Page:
# Is $T$ self-adjoint if it is closed, symmetric and $\ker T=\ker T^*$?

Let $$T$$ be a densely defined, closed, unbounded, and symmetric linear operator (i.e., $$T\subset T^*$$) defined in a Hilbert space, with domain $$D(T)$$.

Is it true that if we further suppose $$\ker T=\ker T^*$$, then $$T$$ is self-adjoint, i.e., $$T=T^*$$?

I know this is true for the class of quasinormal operators. Recall also, that we always have $$\ker T\subset \ker T^*$$ when $$T$$ is symmetric.

I hope this is not too obvious!

Thanks a lot.

• This might be a stupid question, but is there any reason why $T$ and $T^*$ have the same domain? If not, what does it mean that $\ker T = \ker T^*$? Aug 5, 2022 at 22:27
• I think you should replace $T$ by its closure or assume that $T$ i closed. Otherwise the conclusion is not true even for bounded operators. Aug 6, 2022 at 2:28
• @Yanko The domains of $T$ and ,$T^*$ are equal if $T$ is self-adjoint. Actually that is exactly the definition of self-adjointness. Aug 6, 2022 at 2:32
• The claim is not true. There are symmetric closed operators such that $\ker T=\{0\}$ and $\ker T^*\neq \{0\}.$ The explanation I know makes use of the theory of indeterminate moment problem. Perhaps someone finds an elementary solution. Aug 6, 2022 at 2:54
• Thank you for your comments...I have as an assumption that $\ker T=\ker T^*$, and also that $T$ is closed and symmetric. I think that when the range of $T$ is closed, then this is perhaps true (I need to check the details). But, I want to give this a try without assuming that $T$ has a closed range. Aug 6, 2022 at 6:15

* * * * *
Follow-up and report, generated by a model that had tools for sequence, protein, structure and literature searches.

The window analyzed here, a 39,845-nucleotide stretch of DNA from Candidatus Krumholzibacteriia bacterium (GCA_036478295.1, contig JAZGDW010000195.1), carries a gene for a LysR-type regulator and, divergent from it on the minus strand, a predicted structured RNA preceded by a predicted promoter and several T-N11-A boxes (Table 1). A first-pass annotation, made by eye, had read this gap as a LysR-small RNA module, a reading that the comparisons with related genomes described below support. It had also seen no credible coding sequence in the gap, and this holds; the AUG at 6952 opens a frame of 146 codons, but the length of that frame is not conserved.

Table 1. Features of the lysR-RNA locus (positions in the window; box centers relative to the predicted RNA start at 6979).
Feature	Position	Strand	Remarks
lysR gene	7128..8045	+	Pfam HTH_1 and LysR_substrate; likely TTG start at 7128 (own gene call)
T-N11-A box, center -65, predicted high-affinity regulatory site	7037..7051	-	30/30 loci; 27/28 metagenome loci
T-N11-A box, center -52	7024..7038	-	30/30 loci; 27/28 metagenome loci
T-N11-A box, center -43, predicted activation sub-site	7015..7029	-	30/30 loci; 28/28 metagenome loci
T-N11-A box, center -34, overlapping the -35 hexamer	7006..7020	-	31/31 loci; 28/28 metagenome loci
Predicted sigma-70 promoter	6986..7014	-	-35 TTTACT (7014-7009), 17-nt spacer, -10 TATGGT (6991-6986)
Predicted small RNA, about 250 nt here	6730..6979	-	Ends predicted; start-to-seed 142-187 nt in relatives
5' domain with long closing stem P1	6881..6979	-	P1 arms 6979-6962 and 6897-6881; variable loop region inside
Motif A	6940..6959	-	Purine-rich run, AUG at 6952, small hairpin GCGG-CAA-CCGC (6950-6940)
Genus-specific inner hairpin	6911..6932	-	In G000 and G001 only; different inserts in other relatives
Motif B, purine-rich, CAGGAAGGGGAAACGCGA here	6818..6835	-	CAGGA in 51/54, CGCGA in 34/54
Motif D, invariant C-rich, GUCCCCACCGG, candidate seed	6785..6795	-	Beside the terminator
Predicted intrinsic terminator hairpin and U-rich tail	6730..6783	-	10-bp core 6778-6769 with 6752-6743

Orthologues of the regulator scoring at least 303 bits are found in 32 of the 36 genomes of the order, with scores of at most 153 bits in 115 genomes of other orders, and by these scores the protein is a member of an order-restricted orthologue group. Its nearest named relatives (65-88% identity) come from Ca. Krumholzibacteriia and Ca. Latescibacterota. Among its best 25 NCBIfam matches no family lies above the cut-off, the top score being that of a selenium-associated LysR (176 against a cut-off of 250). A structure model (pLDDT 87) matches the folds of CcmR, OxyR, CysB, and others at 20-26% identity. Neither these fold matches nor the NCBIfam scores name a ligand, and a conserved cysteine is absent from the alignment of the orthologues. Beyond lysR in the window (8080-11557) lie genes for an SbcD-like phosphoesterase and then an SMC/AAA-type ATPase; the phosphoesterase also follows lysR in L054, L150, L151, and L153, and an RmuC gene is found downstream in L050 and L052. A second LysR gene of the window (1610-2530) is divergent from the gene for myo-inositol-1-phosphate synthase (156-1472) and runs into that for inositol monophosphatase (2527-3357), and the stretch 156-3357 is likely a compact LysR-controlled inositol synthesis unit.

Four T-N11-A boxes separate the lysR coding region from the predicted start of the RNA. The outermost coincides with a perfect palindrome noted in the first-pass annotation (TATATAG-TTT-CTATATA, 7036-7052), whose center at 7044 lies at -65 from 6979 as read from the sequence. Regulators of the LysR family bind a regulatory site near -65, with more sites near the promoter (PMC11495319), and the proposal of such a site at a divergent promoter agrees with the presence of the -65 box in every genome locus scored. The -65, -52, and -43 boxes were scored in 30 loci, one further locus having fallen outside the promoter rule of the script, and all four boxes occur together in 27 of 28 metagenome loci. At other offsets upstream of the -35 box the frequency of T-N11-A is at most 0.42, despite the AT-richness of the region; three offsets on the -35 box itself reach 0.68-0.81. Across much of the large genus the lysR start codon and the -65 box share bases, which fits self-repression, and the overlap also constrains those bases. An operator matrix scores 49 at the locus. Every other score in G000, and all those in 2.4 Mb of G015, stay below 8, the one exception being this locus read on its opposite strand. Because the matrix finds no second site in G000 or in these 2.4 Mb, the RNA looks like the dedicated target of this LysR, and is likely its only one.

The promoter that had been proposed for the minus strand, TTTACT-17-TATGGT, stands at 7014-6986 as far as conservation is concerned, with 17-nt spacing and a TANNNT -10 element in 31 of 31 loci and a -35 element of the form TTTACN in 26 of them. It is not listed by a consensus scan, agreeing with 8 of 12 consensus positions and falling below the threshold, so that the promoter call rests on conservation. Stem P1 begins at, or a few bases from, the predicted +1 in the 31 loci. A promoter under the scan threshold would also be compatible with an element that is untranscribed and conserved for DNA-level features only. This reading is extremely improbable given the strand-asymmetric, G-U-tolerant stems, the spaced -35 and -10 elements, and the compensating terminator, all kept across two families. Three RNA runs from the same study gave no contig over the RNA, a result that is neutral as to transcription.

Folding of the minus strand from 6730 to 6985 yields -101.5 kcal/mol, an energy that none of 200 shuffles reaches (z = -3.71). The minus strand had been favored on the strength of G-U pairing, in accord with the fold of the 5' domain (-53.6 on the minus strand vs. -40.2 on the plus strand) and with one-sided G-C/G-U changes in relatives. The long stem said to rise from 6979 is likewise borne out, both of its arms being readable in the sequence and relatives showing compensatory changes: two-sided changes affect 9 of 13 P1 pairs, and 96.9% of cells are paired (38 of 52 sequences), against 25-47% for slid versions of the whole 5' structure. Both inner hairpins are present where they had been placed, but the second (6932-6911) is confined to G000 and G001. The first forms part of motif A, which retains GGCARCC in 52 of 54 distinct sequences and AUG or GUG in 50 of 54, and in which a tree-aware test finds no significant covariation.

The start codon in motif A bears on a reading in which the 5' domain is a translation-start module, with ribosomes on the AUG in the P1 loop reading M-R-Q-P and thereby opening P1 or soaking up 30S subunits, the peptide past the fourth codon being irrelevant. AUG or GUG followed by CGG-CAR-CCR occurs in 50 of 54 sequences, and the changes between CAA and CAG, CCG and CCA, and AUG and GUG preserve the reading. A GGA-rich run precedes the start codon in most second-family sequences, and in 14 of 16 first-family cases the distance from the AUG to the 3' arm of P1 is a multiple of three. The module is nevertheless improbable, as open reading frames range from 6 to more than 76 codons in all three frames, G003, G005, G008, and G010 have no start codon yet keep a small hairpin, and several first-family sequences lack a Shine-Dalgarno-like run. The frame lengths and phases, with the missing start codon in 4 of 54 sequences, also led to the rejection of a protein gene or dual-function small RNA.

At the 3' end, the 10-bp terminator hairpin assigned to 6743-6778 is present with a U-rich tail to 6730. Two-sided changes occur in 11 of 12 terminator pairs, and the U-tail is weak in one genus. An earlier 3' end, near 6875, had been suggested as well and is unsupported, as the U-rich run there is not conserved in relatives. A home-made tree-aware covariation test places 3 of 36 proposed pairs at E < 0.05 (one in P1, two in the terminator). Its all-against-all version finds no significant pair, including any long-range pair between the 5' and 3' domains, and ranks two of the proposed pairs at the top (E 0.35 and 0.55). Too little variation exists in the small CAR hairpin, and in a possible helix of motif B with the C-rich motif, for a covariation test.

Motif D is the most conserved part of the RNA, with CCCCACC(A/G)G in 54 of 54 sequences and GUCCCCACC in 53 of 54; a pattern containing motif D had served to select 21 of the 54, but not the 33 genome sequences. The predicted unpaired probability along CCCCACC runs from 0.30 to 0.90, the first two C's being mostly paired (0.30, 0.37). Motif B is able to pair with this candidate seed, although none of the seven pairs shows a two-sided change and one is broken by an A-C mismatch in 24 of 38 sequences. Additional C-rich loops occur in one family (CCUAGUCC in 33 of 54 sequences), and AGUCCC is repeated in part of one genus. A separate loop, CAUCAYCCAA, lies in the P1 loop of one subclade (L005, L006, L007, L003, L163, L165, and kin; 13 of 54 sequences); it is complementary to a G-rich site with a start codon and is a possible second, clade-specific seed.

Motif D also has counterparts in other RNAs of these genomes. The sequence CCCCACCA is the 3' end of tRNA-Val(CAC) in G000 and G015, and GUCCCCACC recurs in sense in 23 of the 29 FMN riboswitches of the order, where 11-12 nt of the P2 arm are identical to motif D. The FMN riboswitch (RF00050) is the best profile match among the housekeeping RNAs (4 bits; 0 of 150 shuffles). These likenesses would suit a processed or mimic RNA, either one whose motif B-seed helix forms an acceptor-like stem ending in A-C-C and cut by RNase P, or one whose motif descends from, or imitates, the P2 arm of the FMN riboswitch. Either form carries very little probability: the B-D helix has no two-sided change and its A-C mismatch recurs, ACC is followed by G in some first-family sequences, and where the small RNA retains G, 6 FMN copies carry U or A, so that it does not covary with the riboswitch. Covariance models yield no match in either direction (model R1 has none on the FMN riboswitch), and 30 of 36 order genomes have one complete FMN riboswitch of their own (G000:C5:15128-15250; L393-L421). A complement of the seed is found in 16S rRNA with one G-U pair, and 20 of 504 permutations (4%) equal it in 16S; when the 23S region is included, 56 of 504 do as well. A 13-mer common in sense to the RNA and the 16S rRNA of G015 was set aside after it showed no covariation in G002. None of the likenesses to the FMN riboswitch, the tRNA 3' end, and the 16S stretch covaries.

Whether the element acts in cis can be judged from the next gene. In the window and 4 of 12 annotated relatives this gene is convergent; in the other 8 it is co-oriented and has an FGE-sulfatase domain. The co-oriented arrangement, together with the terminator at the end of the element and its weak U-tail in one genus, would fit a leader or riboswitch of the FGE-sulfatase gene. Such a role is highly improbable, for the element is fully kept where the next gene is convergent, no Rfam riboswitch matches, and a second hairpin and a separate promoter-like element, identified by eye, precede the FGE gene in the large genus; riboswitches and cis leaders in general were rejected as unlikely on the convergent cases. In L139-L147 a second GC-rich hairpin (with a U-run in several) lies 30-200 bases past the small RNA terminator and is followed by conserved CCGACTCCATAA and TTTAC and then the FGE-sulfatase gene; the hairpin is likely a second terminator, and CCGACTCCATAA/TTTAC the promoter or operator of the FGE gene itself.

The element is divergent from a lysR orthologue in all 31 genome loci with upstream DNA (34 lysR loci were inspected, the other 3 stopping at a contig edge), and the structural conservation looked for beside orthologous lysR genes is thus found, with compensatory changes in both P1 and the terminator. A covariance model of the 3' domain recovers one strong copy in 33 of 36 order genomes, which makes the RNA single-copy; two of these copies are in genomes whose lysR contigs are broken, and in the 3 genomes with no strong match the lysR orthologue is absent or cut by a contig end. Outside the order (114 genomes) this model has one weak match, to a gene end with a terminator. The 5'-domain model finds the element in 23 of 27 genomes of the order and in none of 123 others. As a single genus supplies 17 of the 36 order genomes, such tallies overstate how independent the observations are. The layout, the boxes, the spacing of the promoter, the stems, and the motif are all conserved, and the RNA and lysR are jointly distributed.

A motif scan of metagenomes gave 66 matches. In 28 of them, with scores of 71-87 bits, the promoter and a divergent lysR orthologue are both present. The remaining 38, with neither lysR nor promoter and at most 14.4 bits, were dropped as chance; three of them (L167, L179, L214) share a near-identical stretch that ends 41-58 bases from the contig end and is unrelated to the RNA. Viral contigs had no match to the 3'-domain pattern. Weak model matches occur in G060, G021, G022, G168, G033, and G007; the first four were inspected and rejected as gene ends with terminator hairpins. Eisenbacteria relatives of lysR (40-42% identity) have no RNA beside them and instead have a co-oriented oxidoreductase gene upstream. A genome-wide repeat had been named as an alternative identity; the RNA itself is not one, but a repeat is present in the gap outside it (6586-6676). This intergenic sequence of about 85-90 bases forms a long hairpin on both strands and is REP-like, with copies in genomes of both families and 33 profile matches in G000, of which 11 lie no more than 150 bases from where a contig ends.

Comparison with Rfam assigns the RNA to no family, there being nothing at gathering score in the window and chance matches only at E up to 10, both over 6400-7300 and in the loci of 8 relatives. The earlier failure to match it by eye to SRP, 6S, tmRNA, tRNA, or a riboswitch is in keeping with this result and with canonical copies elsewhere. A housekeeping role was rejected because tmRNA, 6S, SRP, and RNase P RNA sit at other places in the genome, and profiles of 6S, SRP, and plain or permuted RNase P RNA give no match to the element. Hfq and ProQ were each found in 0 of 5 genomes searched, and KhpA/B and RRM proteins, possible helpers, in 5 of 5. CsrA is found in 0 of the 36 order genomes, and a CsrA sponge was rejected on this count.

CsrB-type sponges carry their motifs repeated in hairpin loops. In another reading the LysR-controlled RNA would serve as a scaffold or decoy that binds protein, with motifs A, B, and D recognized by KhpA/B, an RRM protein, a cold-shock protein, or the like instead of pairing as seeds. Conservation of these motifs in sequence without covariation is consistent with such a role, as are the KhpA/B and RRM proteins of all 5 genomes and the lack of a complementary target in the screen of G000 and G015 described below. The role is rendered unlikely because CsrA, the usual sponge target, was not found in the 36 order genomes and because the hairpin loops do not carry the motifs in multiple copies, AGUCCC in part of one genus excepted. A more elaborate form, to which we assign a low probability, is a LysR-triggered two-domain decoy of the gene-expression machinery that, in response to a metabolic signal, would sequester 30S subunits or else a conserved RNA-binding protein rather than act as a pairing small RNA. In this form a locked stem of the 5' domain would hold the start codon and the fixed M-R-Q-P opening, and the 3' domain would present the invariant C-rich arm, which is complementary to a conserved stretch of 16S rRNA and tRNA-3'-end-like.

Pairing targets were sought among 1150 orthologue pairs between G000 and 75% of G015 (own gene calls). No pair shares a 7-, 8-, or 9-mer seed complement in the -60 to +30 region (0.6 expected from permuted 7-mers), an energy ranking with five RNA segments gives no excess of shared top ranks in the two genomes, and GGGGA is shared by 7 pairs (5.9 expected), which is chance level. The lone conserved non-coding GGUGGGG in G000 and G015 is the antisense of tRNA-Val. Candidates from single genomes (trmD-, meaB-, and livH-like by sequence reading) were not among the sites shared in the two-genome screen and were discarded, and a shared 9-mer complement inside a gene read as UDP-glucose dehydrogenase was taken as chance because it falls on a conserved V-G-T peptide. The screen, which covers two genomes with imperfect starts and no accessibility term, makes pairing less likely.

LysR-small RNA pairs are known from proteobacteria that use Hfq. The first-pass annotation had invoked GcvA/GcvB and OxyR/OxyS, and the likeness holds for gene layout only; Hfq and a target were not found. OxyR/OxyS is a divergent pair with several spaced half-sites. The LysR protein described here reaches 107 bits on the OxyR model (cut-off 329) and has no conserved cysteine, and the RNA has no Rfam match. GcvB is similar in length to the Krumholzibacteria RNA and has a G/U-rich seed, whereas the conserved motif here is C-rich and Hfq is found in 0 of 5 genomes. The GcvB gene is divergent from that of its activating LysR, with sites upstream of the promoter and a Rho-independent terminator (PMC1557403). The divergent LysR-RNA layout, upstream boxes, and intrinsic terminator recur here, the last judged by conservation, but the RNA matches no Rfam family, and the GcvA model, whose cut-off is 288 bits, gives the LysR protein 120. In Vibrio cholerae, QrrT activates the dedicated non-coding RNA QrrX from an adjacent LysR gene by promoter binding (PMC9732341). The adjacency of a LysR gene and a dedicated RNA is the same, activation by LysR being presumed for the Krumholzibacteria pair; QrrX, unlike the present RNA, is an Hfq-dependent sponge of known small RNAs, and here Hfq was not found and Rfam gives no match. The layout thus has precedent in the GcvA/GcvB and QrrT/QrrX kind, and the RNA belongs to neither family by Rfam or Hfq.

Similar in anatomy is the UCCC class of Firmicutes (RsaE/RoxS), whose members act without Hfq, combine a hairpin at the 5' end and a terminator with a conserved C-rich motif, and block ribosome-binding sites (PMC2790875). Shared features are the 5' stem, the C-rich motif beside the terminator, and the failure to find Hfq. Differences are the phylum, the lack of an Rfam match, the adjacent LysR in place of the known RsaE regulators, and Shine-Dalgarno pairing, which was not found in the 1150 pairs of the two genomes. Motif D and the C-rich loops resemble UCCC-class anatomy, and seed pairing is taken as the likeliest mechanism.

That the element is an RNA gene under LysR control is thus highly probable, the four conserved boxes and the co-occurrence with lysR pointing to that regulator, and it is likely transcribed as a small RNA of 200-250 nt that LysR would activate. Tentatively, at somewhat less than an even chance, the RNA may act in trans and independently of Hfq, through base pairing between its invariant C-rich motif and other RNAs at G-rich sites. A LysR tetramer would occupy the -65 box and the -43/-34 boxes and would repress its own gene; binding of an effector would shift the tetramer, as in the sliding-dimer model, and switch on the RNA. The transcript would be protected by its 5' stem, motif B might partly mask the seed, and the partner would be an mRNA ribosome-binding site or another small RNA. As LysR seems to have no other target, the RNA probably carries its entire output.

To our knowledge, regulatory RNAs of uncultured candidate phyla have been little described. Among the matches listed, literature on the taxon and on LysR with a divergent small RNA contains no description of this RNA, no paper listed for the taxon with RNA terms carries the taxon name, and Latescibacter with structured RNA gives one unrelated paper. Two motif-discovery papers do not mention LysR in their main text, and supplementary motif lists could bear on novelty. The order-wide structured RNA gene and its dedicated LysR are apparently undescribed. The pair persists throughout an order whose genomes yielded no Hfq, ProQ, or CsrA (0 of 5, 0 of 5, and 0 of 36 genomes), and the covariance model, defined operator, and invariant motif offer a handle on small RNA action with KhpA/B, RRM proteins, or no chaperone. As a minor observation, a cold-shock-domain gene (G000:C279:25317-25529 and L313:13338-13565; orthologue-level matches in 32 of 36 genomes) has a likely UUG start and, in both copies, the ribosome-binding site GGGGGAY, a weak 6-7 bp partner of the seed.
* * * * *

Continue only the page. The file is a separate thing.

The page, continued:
Let $$\mathcal{H}=L^2[0,\infty)$$ and let $$T : \mathcal{D}(T) \subset \mathcal{H}\rightarrow\mathcal{H}$$ be defined as $$Tf=if'$$ on the domain $$\mathcal{D}(T)$$ consisting of all absolutely continuous functions $$f\in L^2[0,\infty)$$ such that $$f(0)=0$$ and $$f'\in L^2[0,\infty)$$. $$T$$ is a closed, densely-defined, symmetric linear operator. However, $$T^*$$ is not the same as $$T$$ because the domain of $$T^*$$ includes functions $$f$$ that do not vanish at $$0$$, unlike the functions in the domain of $$T$$. The closed symmetric operator $$T$$ is not self-adjoint, even though $$\mathcal{N}(T)=\mathcal{N}(T^*)=\{0\}.$$

• Thank you, Disintegrating By Parts. Aug 7, 2022 at 6:51
• @MohammedHichemMortad : You're welcome. If the answer is acceptable to you, please check the mark to the left of the answer in order to accept the answer. Aug 21, 2022 at 4:55

Let $$\{m_n\}_{n=0}^\infty$$ be a positive definite sequence, i.e. the Hankel matrix $$\{m_{i+j}\}$$ is positive definite. Due to Hamburger theorem we have $$m_n= \int\limits_{\mathbb{R}}x^n\,d\mu(x)\qquad (*)$$ for a positive measure $$\mu .$$ The sequence $$m_n$$ is called indeterminate if the measure $$\mu$$ is not uniquely determined.

Fix an indeterminate sequence $$m_n.$$ Then there are so called $$N$$-extremal measures satisfying $$(*).$$
Such measures have discrete unbounded supports, which are disjoint and cover the real line. Moreover the polynomials are dense in $$L^2(\mu).$$

Due to indeterminacy the operator $$M_x$$ defined on polynomials by $$M_xp(x)=xp (x)$$ is not essentially self-adjoint, hence its closure is not self-adjoint.

Let $$\mu$$ be one of such measures satisfying $$0\notin {\rm supp}\,\mu.$$

The adjoint operator $$M_x^*$$ is then injective as the range of $$M_x$$ is dense in $$L^2(\mu).$$

• Thanks, Ryszard Szwarc. Aug 7, 2022 at 6:52
• You welcome, although I prefer the answer given by @Disintegrating By Parts as it is much more elementary Aug 7, 2022 at 7:35
• Yes, I agree...I have also found another example... Aug 7, 2022 at 10:57